As people got busier, time got tighter and machines and electricity made life easier, pastries became simpler and quicker to make. Industrial age cooks borrowed from earlier eras to create flaky pastries with everyday utility. Crumbly French shortcrust pastry supports quiche and savory pies.
Shortcrust Pastry (for quiche and savory pies)
From "Traditional French Cooking" by Larousse Curnonsky
- 1 teaspoon (5 grams) salt
- 1 tablespoon (12 grams) sugar
- 1/2 cup (100 milliliters) water
- 1 stick (100 grams) unsalted butter, softened
- 1.5 cups (200 grams) all purpose flour
Dissolve the salt and sugar in the water and set it aside. Sift the flour into a mixing bowl. Cut the butter into small pieces and mix it into the flour with your fingers. Pour the water into the flour mixture and stir with a wooden spoon until the dough pulls away from the sides of the bowl. Turn the dough onto a lightly floured surface and knead it gently for two or three turns. Wrap the dough and allow it to chill before using in your recipe.
Flaky American piecrust is too delicate to support itself outside a baking pan, but it's a star attraction of dishes as diverse as the iconic apple pie and the irresistible chicken potpie.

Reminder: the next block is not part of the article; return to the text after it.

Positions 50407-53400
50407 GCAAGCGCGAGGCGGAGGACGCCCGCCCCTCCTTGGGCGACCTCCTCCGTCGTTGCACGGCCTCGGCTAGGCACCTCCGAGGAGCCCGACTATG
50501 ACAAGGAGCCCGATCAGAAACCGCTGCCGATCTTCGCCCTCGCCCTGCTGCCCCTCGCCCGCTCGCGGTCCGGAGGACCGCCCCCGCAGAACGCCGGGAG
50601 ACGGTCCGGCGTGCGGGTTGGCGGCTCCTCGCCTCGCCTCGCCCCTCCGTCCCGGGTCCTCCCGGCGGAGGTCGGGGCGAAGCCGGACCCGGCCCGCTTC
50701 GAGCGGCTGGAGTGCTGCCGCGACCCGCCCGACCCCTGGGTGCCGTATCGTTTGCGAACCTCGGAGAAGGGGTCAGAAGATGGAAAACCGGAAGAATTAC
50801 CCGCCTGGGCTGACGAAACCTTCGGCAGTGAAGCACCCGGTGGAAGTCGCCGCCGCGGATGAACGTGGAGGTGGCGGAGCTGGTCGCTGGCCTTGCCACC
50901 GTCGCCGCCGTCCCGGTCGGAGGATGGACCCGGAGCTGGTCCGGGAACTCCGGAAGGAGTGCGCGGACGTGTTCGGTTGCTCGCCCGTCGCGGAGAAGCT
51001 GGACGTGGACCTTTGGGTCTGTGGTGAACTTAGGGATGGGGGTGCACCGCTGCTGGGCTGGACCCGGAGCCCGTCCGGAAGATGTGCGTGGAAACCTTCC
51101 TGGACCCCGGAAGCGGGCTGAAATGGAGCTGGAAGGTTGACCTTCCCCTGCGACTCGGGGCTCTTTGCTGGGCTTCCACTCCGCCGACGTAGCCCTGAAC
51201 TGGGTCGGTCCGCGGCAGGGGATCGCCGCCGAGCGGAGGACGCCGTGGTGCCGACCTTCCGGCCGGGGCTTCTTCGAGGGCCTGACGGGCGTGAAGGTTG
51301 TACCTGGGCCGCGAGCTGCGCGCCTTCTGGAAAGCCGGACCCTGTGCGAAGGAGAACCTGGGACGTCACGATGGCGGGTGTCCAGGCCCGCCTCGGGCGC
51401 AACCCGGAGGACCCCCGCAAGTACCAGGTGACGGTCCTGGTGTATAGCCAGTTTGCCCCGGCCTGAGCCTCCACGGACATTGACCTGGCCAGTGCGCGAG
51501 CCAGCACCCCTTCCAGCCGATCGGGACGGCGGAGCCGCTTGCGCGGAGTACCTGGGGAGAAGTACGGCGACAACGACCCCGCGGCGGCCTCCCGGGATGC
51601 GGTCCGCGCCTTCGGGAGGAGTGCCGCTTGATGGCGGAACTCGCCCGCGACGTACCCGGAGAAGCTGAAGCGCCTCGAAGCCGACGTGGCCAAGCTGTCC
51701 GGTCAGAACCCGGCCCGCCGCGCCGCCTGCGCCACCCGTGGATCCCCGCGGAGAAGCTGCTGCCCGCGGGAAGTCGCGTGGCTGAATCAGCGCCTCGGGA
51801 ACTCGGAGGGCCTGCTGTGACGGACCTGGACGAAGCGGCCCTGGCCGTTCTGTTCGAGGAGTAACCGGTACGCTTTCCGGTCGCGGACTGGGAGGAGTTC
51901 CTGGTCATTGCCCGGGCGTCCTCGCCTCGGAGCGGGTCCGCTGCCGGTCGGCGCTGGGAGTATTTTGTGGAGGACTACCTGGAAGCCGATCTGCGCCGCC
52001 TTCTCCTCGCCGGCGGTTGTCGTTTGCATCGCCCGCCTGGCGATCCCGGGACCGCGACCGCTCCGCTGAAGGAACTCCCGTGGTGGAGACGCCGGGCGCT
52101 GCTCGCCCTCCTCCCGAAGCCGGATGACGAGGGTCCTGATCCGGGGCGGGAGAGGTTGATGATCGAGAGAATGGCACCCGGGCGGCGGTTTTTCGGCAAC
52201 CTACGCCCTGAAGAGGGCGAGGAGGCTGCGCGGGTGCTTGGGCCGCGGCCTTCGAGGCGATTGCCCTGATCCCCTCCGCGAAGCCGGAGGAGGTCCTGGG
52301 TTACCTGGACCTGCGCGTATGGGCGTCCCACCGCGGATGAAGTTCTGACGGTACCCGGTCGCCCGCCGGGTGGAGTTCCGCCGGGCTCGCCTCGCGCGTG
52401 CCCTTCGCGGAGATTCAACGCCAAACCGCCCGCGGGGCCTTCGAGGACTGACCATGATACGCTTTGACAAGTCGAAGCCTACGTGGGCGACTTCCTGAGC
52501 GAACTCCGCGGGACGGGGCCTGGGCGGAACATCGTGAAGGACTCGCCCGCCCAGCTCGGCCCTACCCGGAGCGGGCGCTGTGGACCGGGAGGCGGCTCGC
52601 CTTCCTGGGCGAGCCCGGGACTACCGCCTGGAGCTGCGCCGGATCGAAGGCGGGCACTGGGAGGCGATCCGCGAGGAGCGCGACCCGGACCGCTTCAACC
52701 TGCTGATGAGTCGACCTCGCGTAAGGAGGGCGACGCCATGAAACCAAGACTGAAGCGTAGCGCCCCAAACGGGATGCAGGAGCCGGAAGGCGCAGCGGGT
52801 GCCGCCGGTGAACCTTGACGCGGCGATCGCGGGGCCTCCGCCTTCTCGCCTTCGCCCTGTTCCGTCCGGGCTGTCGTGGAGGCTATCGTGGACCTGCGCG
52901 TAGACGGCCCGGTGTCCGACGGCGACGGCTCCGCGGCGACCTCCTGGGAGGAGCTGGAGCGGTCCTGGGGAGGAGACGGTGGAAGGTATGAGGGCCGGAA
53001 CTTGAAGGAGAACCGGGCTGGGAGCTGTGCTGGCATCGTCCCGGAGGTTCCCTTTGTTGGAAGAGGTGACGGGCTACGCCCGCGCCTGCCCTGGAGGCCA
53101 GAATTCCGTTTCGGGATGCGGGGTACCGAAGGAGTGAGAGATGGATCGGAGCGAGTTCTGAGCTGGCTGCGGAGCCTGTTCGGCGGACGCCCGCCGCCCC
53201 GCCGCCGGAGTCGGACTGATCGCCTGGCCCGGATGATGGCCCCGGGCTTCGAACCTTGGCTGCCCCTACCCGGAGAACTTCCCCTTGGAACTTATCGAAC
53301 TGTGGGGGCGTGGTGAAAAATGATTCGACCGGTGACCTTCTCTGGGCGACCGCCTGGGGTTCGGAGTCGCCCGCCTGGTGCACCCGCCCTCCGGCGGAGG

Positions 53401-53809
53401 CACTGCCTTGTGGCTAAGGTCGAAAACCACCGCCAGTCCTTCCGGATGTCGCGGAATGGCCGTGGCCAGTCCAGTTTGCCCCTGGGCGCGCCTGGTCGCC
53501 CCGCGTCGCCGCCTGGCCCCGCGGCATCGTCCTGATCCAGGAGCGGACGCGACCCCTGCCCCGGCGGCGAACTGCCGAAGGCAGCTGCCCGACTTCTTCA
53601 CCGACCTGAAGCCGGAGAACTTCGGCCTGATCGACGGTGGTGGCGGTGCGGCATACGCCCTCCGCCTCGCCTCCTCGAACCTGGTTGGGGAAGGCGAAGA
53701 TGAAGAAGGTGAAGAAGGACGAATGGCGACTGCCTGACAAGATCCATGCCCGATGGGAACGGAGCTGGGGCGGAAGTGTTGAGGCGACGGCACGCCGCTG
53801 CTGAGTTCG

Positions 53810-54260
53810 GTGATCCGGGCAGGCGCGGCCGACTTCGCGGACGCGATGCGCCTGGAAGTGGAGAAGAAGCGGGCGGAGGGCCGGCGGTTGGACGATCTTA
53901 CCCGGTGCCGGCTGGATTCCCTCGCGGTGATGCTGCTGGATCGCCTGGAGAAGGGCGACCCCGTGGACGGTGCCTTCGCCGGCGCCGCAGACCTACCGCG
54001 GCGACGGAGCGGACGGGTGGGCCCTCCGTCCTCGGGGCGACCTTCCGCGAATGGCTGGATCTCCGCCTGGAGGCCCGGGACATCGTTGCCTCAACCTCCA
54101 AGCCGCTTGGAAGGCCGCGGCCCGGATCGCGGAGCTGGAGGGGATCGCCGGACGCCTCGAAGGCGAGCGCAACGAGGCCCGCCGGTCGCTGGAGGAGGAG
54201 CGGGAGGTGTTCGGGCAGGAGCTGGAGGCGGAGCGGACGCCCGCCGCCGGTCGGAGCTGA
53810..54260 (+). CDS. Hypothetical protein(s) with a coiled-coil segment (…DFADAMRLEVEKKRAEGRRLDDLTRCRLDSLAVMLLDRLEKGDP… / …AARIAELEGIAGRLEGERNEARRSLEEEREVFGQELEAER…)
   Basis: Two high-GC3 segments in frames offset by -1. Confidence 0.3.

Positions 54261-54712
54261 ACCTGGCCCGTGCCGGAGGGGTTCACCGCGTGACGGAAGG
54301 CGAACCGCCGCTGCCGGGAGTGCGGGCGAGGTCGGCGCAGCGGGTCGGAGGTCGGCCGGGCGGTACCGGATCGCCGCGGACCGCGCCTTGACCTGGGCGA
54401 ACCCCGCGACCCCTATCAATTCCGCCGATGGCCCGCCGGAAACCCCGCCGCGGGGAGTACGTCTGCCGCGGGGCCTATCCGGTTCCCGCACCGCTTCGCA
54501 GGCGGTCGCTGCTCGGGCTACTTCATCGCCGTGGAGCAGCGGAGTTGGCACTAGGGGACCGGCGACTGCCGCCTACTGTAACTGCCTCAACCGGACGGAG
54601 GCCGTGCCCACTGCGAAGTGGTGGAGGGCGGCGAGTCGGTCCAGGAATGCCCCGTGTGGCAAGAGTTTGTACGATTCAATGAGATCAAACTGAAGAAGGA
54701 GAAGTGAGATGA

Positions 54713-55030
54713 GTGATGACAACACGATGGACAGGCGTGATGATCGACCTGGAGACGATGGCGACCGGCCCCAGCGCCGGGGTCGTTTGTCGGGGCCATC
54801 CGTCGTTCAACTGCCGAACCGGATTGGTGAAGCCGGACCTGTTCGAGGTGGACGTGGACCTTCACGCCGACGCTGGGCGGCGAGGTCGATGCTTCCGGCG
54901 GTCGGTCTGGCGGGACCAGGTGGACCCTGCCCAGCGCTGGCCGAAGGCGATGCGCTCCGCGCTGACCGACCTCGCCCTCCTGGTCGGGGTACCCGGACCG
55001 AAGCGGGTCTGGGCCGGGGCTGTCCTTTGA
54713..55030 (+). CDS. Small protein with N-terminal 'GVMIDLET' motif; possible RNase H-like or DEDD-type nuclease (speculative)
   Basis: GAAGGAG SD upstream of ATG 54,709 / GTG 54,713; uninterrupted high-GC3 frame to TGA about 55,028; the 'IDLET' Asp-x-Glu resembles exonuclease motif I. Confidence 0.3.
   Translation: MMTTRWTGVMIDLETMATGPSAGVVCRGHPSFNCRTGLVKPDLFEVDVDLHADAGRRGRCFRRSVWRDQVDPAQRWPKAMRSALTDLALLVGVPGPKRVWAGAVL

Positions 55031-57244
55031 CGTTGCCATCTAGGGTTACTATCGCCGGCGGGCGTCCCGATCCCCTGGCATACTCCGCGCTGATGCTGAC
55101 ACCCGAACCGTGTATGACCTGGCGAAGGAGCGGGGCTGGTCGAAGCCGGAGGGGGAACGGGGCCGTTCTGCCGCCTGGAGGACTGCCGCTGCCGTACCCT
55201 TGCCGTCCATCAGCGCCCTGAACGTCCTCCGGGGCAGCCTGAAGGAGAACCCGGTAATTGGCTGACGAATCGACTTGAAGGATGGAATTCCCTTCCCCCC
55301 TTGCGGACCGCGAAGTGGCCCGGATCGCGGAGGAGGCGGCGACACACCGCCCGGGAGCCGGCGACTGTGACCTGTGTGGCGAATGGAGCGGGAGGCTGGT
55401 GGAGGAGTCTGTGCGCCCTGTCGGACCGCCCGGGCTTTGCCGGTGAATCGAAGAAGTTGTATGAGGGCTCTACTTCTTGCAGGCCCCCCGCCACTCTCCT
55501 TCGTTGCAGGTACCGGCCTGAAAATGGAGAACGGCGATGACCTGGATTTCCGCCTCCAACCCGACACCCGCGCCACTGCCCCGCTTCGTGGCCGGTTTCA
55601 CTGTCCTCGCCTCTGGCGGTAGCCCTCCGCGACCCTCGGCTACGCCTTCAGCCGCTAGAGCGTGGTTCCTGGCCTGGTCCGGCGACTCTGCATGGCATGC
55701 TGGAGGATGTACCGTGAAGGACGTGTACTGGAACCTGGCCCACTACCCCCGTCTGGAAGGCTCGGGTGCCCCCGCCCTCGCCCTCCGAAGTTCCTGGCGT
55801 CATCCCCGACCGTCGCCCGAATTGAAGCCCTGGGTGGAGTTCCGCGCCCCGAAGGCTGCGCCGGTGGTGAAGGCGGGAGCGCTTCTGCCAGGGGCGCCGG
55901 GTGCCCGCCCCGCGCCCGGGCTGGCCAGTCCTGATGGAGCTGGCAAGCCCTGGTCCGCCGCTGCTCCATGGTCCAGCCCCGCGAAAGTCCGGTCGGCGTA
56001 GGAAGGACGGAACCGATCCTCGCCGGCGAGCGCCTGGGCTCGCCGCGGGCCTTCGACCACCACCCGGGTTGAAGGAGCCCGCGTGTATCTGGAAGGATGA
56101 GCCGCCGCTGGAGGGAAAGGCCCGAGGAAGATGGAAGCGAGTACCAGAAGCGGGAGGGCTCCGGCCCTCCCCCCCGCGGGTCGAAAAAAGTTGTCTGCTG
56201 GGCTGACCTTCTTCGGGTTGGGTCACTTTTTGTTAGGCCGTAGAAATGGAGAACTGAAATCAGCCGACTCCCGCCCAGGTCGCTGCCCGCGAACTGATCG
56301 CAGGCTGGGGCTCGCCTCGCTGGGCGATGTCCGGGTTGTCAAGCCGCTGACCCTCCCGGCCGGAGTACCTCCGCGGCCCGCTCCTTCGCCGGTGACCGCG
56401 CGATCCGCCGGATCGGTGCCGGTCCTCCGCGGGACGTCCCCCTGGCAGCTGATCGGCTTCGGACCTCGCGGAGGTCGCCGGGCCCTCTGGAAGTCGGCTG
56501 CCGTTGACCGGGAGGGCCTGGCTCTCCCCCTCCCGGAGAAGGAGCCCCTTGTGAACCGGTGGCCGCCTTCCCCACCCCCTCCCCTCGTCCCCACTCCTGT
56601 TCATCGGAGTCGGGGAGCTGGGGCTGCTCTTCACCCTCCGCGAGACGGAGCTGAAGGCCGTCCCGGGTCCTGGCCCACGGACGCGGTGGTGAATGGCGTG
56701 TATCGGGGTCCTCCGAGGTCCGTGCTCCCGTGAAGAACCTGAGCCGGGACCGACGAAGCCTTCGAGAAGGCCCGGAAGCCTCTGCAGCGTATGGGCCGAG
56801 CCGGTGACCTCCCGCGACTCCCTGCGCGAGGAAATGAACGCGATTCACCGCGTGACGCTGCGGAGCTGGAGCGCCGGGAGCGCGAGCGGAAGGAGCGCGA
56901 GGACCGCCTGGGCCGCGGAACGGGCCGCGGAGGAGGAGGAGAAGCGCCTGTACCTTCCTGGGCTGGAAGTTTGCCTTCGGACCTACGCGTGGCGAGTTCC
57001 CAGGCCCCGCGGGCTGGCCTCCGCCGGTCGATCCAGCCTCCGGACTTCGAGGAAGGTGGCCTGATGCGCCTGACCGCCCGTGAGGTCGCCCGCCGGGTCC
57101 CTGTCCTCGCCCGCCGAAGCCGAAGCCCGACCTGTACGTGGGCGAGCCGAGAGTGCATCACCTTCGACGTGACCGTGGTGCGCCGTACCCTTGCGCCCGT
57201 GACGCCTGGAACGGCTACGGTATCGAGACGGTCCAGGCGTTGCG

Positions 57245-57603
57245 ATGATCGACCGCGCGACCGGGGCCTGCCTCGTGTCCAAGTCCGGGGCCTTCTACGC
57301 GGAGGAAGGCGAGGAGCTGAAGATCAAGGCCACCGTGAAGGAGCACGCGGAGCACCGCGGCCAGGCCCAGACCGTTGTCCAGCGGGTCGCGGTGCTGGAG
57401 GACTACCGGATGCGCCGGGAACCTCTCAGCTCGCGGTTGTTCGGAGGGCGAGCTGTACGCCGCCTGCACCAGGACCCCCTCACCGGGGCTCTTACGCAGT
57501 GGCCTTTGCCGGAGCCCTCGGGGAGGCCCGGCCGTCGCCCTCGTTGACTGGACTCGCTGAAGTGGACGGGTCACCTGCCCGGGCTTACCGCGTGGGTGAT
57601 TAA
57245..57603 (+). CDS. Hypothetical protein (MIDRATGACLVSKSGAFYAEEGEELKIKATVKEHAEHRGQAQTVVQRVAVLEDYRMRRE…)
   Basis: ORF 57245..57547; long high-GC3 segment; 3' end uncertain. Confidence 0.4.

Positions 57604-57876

American Flaky Pie Pastry (one crust)
- 1.5 cups (200 grams) all purpose flour
- 1/2 cup (100 grams) cold fat (butter, margarine, shortening)
- 1/2 teaspoon (1 gram) salt
- 1 teaspoon (2 grams) sugar
- Cold water to moisten (4-5 tablespoons or 59-74 milliliters)
Combine the flour and salt in a large mixing bowl. Cut the butter or other fat into the flour with a pastry cutter, fork or two knives until the texture resembles coarse crumbs. (You want to use the tools instead of your fingers because you don't want to melt the butter with the heat from your hands. Your crust will turn out flakier if the ingredients stay cold during the mixing process.) Gradually sprinkle cold water over the mixture and gently fold it in until the dough holds together. Gather the dough into a ball and refrigerate for one hour before using so that any softened fat can re-solidify. On a lightly floured surface, roll the chilled dough to the thickness called for in your recipe and use a sharp knife to cut it to the shape you need [source: Better Homes and Gardens, Editors of Cook's Illustrated, Farmer]
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